Love & Rhythm

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heartbeat1The New Year’s coaching season launched off at the weekend with a visit to Heartbeat chorus in Cheshire, under their new director Nancy Kelsall. The goal was to kick off their preparation for the Sweet Adelines Region 31 convention in May after all the distractions of seasonal performances before Christmas. As current bronze medallists, they are approaching this with a distinct sense of purpose.

Over dinner on Saturday night, Nancy’s husband Simon remarked on a helpful comment one of his rowing* coaches used to make: that usually the moment at which you notice the problem isn’t the moment that’s causing it. So, rather than dealing directly with the issue you notice, you should analyse what has happened immediately beforehand to set it up. This applies really well to singing too: if a note is slightly flat, it’s probably the two before that lacked support; if a phrase has a ragged start, it’s probably from uncoordinated breathing.

Something I noticed during Sunday’s coaching, though, was that the converse of this is also true. If you sort out the set-up to a musical gesture, the actual delivery of the gesture looks after itself. For instance, their ballad has a verse that comes in two halves. The first is musically static and emotionally angst-ridden; the second transforms into hope with an arching melody. We spent some considerable time exploring the musical and expressive world of the first half, leading to the breath point at which the fortunes change. Then, the first time after this that the chorus sang through into the second half of the verse, they just did all the expressive work for themselves: it was soaring, ecstatic, glorious.

Likewise, we gave considerable focus to the moment just before the key change, which is the moment of most intimate expression in the song, before blossoming out into a new world. It was finding the right level of warmth and tenderness in the set-up that gave room for the transformation to occur.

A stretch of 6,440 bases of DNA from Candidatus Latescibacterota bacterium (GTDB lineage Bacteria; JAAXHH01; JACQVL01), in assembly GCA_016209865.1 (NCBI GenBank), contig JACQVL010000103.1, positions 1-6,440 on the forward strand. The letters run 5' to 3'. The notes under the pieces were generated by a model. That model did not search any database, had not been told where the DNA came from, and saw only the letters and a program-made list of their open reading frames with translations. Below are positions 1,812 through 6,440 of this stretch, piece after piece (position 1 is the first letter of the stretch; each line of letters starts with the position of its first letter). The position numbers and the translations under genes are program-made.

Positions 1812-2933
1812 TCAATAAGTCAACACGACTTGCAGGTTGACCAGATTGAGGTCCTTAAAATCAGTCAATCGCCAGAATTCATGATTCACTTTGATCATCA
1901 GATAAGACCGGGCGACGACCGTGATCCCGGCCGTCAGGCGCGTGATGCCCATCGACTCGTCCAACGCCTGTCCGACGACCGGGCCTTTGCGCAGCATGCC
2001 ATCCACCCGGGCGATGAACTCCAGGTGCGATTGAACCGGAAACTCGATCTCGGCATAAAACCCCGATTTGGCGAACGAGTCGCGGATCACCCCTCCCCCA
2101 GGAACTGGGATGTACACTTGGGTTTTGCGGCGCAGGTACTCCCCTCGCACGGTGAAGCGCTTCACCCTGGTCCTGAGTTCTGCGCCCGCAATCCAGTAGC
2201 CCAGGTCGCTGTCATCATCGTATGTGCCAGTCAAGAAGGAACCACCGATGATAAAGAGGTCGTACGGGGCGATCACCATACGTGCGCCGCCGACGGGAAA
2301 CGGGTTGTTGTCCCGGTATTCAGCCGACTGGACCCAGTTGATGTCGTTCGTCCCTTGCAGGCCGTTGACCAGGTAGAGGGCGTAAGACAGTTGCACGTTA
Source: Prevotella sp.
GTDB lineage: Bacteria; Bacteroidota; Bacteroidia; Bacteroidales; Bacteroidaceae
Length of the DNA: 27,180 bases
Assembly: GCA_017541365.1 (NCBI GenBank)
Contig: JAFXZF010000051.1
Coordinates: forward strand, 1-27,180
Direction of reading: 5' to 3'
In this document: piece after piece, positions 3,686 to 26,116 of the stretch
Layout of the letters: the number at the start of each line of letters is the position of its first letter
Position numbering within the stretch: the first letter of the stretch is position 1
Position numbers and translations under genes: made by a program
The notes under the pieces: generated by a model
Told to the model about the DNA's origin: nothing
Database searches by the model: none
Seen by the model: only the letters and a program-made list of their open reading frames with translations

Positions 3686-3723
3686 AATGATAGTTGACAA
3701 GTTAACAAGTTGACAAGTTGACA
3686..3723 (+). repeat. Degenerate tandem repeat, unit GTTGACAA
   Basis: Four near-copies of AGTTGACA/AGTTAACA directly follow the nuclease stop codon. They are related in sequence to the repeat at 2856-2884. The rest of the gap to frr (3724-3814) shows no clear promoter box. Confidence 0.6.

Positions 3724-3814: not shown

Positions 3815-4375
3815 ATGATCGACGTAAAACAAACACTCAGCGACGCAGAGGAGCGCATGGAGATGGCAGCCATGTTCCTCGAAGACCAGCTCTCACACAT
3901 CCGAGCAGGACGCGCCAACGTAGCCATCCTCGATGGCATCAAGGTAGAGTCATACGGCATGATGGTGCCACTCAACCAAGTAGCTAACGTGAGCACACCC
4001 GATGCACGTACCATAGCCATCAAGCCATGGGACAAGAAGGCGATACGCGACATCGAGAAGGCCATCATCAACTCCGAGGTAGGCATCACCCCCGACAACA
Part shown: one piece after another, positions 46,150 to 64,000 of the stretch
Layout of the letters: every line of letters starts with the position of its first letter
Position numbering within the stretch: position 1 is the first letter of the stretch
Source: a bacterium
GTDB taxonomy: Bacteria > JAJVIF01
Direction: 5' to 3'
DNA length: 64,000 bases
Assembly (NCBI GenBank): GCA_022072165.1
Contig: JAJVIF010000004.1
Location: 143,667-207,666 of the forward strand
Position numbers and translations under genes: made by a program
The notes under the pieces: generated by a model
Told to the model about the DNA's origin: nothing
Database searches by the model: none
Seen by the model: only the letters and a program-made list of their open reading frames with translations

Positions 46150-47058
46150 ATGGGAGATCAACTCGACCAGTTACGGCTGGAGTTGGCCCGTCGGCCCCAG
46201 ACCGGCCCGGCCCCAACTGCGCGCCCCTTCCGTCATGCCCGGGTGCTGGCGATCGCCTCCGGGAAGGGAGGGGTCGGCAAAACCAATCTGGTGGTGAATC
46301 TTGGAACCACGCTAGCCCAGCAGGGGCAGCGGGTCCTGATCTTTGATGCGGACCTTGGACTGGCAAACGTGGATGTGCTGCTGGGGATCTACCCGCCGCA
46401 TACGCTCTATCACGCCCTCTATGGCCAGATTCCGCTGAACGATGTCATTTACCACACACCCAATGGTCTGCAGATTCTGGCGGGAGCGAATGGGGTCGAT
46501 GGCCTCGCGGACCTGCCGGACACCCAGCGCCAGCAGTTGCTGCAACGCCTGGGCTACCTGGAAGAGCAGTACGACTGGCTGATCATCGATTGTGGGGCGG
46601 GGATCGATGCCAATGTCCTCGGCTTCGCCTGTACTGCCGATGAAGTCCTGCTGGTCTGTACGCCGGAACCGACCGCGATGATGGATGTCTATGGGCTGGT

A less global, but also useful area of work was on how to perform breath-points that come half-way through an idea. On my last visit a year ago, we’d explored the way that breath-points are the places where the next idea springs from. But sometimes of course an idea continues for longer than you’d sing in one breath. The trick is here to keep the thought going across both phrases: your lungs breathe, but your musical attention stays in the phrase.

Two specific physical things help with this. Firstly for the director’s hands to articulate the breath within the general shape of the whole idea – the further their hands move for the breath the more the breath will interrupt the flow of the thought. Secondly, the singers need to maintain their frame of support for the voice across the phrase break. It is a standard part of the barbershop performance tradition/vocal craft to refresh the stance at breath points, a move that sheds any incipient bodily tension and resets the support. But if you do this at breath points that come within an idea as well as places where new ideas occur, the audience can lose the thread of the narrative. It is a technique that is most effective when used to articulate the conceptual structure of the music, rather than as a habit every time you breathe.

There are three reasons why I write up coaching sessions on this blog: to help me reflect on what is proving effective, as a follow-up for the people I’ve been working with, and as a resource for anyone else who’s interested in these kinds of activities. This time we had two composition students from the RNCM observing and taking notes as part of their research for an essay; I can’t help wondering as I write this how much overlap my write-up will have with theirs!

*That’s ‘rowing’ as in the sport, pronounced to rhyme with ‘sewing’. I don’t think Simon has ever had specific training in pointless shouty arguments.

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